In today’s world one cannot fully trust anything, as more and more privacy-related cases being exposed make us glance over the shoulder for where we left our online trail. In fact, many ISPs (Internet Service Providers) have access to what you search for, and what you do on the internet. This varies from ISP to ISP (you can try to search if your own provider stores any of your information, although this will be an almost impossible task) but since they are responsible for giving you internet access, as well as for charging you for it, it is best to assume from the beginning that your online information is being retained by them.
As Your ISP I Must Know What You Access
This happens thanks to the Deep Packet Inspection which, in short, allows your ISP to control the packs of data you send all over the internet. This works mainly for your protection, as it checks for viruses or prioritizes data but it can also be a double-edged sword, as what you do online can be used against you – since ISPs can monitor the web activity to track, log and store your data.
Obviously, that data can then be used or sold to third parties, specifically under two categories: selling for advertisement purposes, or stored due to government retention laws. The first one is not uncommon, as it is considered as a general good-practice all over the world where your online trail, either at the websites you visit, at the videos you watched, by the searches you’ve made is recorded, which can be sold to a third party for advertisement purposes. This is done via the cookies which each website uses. Although many browsers and even websites let you delete your history or block cookies (but don’t let you eat them unfortunately), there are also cases like the one coming from the American ISP Verizon, which in 2014 was caught using permanent cookies for customer online tracking without their knowledge.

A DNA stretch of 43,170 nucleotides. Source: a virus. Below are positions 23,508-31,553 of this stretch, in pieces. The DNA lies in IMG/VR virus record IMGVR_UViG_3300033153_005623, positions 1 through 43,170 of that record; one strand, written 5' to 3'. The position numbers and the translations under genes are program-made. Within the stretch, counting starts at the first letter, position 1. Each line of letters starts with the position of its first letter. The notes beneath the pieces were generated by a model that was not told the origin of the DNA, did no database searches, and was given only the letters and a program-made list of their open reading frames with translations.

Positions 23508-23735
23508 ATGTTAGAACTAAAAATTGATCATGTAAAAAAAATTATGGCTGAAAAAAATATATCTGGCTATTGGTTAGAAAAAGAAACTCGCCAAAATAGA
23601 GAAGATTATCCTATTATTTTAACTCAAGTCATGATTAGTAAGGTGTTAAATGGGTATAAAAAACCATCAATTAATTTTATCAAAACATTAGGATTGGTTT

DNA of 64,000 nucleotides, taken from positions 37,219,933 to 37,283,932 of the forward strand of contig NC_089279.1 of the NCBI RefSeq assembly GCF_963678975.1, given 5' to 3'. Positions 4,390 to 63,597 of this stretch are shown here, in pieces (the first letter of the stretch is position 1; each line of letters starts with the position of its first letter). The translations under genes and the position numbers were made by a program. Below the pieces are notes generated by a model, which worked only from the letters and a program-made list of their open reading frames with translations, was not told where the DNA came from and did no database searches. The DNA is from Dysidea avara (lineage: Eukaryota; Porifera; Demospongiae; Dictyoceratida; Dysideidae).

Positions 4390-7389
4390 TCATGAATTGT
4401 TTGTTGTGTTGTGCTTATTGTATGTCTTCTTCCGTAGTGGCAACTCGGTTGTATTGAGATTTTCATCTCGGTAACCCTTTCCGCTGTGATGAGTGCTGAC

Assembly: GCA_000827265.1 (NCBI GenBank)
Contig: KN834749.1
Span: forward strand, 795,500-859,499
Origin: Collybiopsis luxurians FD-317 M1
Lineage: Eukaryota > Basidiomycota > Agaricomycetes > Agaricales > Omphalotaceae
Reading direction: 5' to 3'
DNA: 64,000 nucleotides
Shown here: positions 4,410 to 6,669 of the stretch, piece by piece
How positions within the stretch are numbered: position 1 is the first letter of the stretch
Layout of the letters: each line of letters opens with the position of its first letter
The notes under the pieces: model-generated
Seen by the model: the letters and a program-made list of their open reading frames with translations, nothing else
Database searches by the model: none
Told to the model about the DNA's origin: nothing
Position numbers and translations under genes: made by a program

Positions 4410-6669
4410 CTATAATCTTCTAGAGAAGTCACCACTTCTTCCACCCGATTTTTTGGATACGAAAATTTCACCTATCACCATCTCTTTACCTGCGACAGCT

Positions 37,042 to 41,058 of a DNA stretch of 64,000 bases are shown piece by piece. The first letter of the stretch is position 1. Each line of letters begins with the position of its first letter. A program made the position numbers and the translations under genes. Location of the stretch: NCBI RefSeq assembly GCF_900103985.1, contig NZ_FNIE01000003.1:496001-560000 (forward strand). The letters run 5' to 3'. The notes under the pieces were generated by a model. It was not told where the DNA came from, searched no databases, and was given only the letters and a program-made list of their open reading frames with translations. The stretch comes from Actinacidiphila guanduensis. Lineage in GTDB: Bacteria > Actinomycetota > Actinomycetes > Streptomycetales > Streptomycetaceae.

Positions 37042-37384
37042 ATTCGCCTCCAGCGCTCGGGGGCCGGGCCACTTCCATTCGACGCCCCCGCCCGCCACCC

Obeying The Law
As far as government retention laws, ISPs have to mandatorily follow the law but this will, obviously, vary from country to country. For example, Australian ISPs have to collect and save information for a period of 2 years, while Canadian ones are forced to do it for 6 months. Despite the US not having a similar mandatory data saving time as the aforementioned, there are certain bills though, that can request access to any online information if ordered by court. This will happen mainly (but not only) for the cases of torrenting and illegal file sharing that can get you heavy monetary fines, jail sentences, and permanent bans from ISPs – depending on the country and legislation in charge.
Now You See Me, Now You Don’t
To avoid all this mess and assure that you have access to whatever content you intend to, it is definitely better for you to invest in a VPN. Although some providers give you a full access free account, most will require a paid-subscription for a more complete service. IPVanish, SaferVPN and PureVPN are our podium contestants for editor choice of 2016, and any of them will give you ISP protection. The thing with VPNs is that besides making impossible for location tracking, your traffic is hidden and encrypted even for your ISP since the only information they will get is that you are connected to a VPN server. Also, many VPN providers promote themselves as no-log companies. Therefore, your online activity is anonymous for them as well.
VPNs are also useful for torrenting purposes as the vast majority of providers have dedicated P2P servers providing unlimited bandwidth as well. This bandwidth feature is more important as it may seem, since it is another area that can be controlled by your ISP to limit your moves when it comes to streaming or playing online games, for instance.
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